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8 Incredible Animal Migrations (Slideshow)

  • a Care2 favorite by Katie Waldeck
8 Incredible Animal Migrations (Slideshow)

 

For most of us, the biggest migration we make to fill our most basic needs is a trip to the grocery store. Animals, however, are willing to go the distance, sometimes crossing oceans and continents in search of the perfect meal, climate, or place to lay their eggs. Click through to check out some of the most amazing animal migrations on the planet.

See Also: 5 of the World’s Most Dangerous Roads

 

1. Flamingos

Is there a lake underneath all of those birds? There must be! The flamingos that make their home on the lakes of Kenya’s Rift Valley are in search of the green algae that gives them their signature color.

Also Check Out: 8 of the Quietest Places on Earth (Slideshow)

 

2. African Elephants

The most traveled elephants on the planet make their home in the extreme conditions of the Malian desert. Water, as you might expect, is in short supply, so the elephants travel up to 300 miles a year to find it.

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3. Orange-Bellied Parrot

Most parrots don’t do any significant migration — why would they, when the climates they live in are fabulous year round? There are exactly two exceptions, however: the orange-billed parrot, shown above, and its fellow Aussie, the Swift Parrot. These spectacular birds breed on the island of Tasmania, and make their way up Australia’s mainland.

So where is the picture of these colorful critters migrating? Well, there aren’t any: these are some of the most endangered birds in Australia, if not the world. Their quirky migration habit has severely diminished their populations.

Earlier: 5 Ways to Soothe Sore Muscles

 

4. Leatherback Sea Turtles

Of all the animals on the planet, leatherback sea turtles are some of the most prolific migrators. The Pacific subpopulation of these  international jet-setters lay their eggs on the beaches of Indonesia, but travel all the way to the coasts of California to eat! The Atlantic Leatherbacks are no slouches either, often traveling from the  South America all the way across the ocean to Africa.

 

 

5. Sockeye Salmon

Bristol Bay, Alaska is home to the largest wild salmon run in the world, sometimes numbering up to a whopping 40 million fish. Sockeyes usually spend their early lives in lakes and migrate through streams on their way to their final destination: the ocean.

See Also: 5 of the World’s Most Dangerous Roads

 

6. Wildebeests

No other land mammal travels more than the Serengeti wildebeest. The famed African antelope clocks in anywhere between 500 and 1,000 miles annually, primarily  Tanzania’s famed Serengeti. They occasionally group with zebras and gazelles in their quest for prime grass to graze and water to drink.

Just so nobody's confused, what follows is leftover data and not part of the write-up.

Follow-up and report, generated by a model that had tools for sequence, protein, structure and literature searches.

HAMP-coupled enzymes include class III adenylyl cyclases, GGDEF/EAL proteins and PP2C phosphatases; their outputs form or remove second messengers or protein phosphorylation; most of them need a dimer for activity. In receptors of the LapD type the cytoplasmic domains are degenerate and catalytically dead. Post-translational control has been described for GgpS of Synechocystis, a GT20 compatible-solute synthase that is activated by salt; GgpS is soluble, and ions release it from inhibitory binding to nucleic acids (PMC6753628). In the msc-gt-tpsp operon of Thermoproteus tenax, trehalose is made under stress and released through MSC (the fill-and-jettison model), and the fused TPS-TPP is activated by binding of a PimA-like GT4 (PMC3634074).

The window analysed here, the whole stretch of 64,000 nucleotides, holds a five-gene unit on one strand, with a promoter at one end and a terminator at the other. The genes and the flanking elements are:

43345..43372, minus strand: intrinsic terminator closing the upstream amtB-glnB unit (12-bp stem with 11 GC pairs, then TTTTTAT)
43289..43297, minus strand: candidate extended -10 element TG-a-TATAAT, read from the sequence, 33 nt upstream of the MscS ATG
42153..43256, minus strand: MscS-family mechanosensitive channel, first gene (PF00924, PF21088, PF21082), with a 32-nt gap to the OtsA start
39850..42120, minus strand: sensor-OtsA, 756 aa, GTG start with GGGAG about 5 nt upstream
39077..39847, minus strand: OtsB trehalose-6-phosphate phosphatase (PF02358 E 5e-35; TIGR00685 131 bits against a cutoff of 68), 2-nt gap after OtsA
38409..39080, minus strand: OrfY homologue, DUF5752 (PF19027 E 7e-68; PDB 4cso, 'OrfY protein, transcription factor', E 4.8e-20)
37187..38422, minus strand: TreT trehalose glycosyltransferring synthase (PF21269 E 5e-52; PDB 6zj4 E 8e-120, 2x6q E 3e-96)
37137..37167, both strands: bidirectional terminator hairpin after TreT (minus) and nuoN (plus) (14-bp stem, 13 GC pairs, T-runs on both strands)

Earlier: Olive Oil Will Extend Your Life

 

7. Monarch Butterflies

They may be small, but monarch butterflies migrate large distances. The butterflies spend their summers in the Northern half of the United States, as well as Canada, and, as it gets cooler, migrate south to Mexico. They’ve even been known to cross the Atlantic Ocean, occasionally showing up in the United Kingdom!

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8. Sooty Shearwaters

In terms of sheer distance, Sooty Shearwaters take the cake. These seabirds have been documented traveling nearly 40,000 miles, taking giant figure eights all around the Pacific ocean. They lay their eggs in New Zealand, and hit the skies, traveling back and forth to such far-away places as Alaska, Japan, and Mexico.

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Image Credit: Wikimedia Commons

Read more: Animal Rights, Behavior & Communication, Environment, Fun, Humor & Inspiration, Inspiration, Life, Nature, Nature & Wildlife, Pets, Spirit, Wildlife, , ,

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Katie Waldeck

Katie is a freelance writer focused on pets, food and women’s issues. A Chicago native and longtime resident of the Pacific Northwest, Katie now lives in Oakland, California.

315 comments

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12:35PM PDT on Aug 16, 2014

Interesting stuff. You forgot, however, the most important animal migration of all time. You might have heard about it. It involved a guy by the name of Noah, an arc and a large number of animals. All of whom came in pairs. (And none of them came in pears. Most of them wouldn't have fit). As I recall, the book recording that migration has become a bestseller. And was turned into a movie with Russell Crowe. i doubt that most people would want to sit through a full-length feature film about flamingos. (Other than John Water's "Pink Flamingos" starring Divine and David Lochary. And as hard as you try during that film, you won't see a live flamingo anywhere in the movie).

12:09PM PDT on Jul 7, 2014

ty

6:18AM PDT on Jul 6, 2014

We anteaters can also walk long distances in serch of ants or termites...

1:23AM PDT on Jul 4, 2014

and the tiny Monarch butterflies have been known to cross the Atlantic Ocean!! That's one hell of a feat.

2:57PM PDT on Jul 3, 2014

The pictures are beautiful. I would have liked being in the places where all of these pictures were taken. What a head and heart rush.

6:14PM PDT on Jun 7, 2014

Amazing Thanks for sharing

5:13PM PDT on May 19, 2014

I had no idea all these animals migrate.

11:33PM PDT on Apr 23, 2014

beautiful images :) thanks for sharing

10:29AM PDT on Apr 23, 2014

Interesting slide show. Excellent article.

12:54PM PDT on Apr 9, 2014

Wow! Such energy!

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